Optus is set to unleash onto the public an in-call translation service powered by Google technology that can translate between languages in real-time.
CEO Kelly Bayer Rosmarin told the CommsDay Summit that the telco is taking expressions of interest from postpaid customers that want to trial the service.
Optus first flagged its development of a live in-call translation service back in May 2019 as part of long-term work on an in-call voice assistant, which at that time was called ‘Voice Genie’.
It wasn’t immediately clear what had occurred in the two year since the in-call translation was first demonstrated at a US technology conference and the impending trial announced today, however it appears that it may have been rearchitected.
Further comment was being sought from an Optus spokesperson at the time of publication.
Bayer Rosmarin said Optus is “working with Google who have partnered with us to provide the natural language translation”. Optus is already working with Google elsewhere in the business on a voice-based AI concierge to triage customer service inquiries.
“What’s completely unique [about ‘call translate’] is that we digitalise the voice by translating the voice traffic in real-time,” she said.
Bayer Rosmarin said the intention of the ‘call translate’ service was to “break through language barriers for customers.”
“In a multilingual country like Australia, eliminating challenges caused by speaking in different languages brings people closer together,” she said.
“Imagine you want your English-speaking child in Sydney to chat easily over the phone with their Italian speaking Nonna in Melbourne, or when English is a second language, consider the ease of simply booking a medical appointment or managing an over-the-phone customer service enquiry.”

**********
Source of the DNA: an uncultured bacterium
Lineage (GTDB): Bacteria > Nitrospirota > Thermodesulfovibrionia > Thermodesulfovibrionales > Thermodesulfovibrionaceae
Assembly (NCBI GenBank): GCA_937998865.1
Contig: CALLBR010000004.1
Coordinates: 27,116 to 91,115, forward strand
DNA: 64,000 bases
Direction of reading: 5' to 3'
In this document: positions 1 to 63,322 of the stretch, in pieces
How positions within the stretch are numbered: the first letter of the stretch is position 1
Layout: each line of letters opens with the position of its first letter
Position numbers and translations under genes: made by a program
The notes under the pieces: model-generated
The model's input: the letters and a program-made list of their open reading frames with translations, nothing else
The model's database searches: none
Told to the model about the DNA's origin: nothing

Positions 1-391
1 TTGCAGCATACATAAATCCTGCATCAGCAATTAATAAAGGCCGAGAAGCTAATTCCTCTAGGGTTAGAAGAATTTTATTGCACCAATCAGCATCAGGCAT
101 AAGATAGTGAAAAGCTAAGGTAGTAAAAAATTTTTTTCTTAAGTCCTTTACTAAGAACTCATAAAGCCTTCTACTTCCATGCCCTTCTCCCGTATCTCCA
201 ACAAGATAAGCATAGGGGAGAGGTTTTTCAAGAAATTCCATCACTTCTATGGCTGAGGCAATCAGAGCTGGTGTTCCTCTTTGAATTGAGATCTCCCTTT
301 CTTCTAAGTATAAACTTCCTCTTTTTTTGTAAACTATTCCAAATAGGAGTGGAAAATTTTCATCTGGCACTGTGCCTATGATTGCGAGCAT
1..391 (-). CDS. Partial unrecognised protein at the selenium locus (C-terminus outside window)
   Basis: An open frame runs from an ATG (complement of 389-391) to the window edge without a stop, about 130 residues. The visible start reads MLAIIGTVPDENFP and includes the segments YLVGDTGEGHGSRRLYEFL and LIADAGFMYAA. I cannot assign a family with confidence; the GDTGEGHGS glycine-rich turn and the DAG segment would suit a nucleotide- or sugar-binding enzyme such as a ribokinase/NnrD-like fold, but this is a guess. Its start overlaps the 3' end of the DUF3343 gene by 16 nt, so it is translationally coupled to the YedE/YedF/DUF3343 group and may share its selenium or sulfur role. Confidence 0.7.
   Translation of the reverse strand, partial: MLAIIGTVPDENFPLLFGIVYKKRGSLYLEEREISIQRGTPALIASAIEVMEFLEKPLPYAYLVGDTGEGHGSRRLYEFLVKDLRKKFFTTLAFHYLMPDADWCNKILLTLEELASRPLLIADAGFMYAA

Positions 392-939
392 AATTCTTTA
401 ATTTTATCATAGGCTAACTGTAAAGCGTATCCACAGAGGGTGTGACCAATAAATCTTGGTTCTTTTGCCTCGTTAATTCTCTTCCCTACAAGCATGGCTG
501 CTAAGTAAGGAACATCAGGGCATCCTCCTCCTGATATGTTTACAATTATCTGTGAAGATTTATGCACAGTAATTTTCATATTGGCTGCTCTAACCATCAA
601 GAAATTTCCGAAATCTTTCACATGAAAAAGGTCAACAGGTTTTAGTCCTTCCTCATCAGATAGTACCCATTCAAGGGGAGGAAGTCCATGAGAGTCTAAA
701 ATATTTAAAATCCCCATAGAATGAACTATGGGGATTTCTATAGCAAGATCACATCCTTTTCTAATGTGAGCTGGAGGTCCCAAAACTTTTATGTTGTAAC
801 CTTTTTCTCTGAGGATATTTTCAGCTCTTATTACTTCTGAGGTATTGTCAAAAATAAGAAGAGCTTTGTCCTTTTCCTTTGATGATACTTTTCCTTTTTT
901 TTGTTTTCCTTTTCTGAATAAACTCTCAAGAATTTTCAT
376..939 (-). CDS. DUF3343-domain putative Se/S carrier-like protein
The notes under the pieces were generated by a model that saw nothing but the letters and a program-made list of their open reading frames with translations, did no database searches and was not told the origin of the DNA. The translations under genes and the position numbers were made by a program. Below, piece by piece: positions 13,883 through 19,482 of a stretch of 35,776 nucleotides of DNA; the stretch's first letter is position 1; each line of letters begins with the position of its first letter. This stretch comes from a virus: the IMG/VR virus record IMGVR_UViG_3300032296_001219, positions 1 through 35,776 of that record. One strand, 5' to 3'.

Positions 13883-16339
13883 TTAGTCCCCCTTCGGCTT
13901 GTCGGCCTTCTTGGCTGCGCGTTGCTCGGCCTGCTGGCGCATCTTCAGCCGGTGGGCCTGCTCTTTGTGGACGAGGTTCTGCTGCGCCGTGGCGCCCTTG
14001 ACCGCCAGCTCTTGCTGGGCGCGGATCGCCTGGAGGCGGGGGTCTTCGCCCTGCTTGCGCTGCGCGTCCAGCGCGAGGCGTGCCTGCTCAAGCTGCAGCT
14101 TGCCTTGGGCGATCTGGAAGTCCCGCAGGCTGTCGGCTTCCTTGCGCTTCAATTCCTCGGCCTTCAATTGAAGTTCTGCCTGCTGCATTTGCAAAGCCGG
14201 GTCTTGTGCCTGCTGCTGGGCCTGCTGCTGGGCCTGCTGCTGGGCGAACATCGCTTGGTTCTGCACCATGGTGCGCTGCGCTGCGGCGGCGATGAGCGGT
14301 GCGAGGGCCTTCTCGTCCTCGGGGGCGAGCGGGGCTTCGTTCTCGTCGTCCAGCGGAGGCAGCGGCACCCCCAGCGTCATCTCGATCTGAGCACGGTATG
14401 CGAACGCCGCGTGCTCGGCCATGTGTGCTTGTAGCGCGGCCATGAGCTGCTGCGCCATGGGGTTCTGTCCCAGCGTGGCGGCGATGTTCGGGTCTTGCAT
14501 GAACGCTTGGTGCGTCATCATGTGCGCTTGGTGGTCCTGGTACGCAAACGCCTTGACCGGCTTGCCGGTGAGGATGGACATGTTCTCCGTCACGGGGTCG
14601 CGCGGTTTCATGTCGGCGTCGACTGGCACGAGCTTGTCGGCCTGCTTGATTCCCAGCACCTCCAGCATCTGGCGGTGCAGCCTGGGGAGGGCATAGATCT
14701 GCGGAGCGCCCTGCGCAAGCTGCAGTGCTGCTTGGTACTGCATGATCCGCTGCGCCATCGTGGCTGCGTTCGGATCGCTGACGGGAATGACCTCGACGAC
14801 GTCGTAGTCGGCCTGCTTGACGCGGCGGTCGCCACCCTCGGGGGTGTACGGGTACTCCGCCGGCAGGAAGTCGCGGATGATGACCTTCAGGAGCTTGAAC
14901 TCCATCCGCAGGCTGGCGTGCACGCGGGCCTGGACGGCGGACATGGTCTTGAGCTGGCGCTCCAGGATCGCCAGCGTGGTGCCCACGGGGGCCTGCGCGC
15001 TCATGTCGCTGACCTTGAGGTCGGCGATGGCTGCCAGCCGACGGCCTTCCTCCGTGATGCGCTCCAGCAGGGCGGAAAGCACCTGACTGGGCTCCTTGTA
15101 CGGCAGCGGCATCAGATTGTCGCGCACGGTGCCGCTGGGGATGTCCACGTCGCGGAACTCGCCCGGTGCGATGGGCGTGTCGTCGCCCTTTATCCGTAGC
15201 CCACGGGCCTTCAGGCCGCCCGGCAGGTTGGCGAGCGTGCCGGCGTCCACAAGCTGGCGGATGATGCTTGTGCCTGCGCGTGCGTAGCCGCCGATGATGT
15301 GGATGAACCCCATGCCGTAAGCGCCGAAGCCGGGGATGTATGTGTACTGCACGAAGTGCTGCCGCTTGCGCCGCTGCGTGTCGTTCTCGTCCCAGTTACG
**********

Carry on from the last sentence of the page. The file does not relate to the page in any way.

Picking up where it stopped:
The service – and a number of other existing initiatives – are also being packaged into a broader Optus 2030 vision unveiled today, that Optus is branding its ‘living network’.
Essentially, the ‘Optus Living Network’ vision is about offering services that enable consumers to exert a greater degree of control over the way they use and interact with the Optus network.
Part of that is made possible by the move to 5G, which technically can be configured to support a wide range of different use cases.
“Optus has considered what the backbone of our business – our network – must be [capable of] to meet customers’ needs in 2030,” Bayer Rosmarin said.
“Today, I present to you the ‘Optus Living Network’.
“It’s a network that isn’t static and fixed, but one that comes alive in your hands at the touch of a button.
“It’s not dollars for gigs, but unique features that enable the network to adapt to our customer’s needs, at their demand.”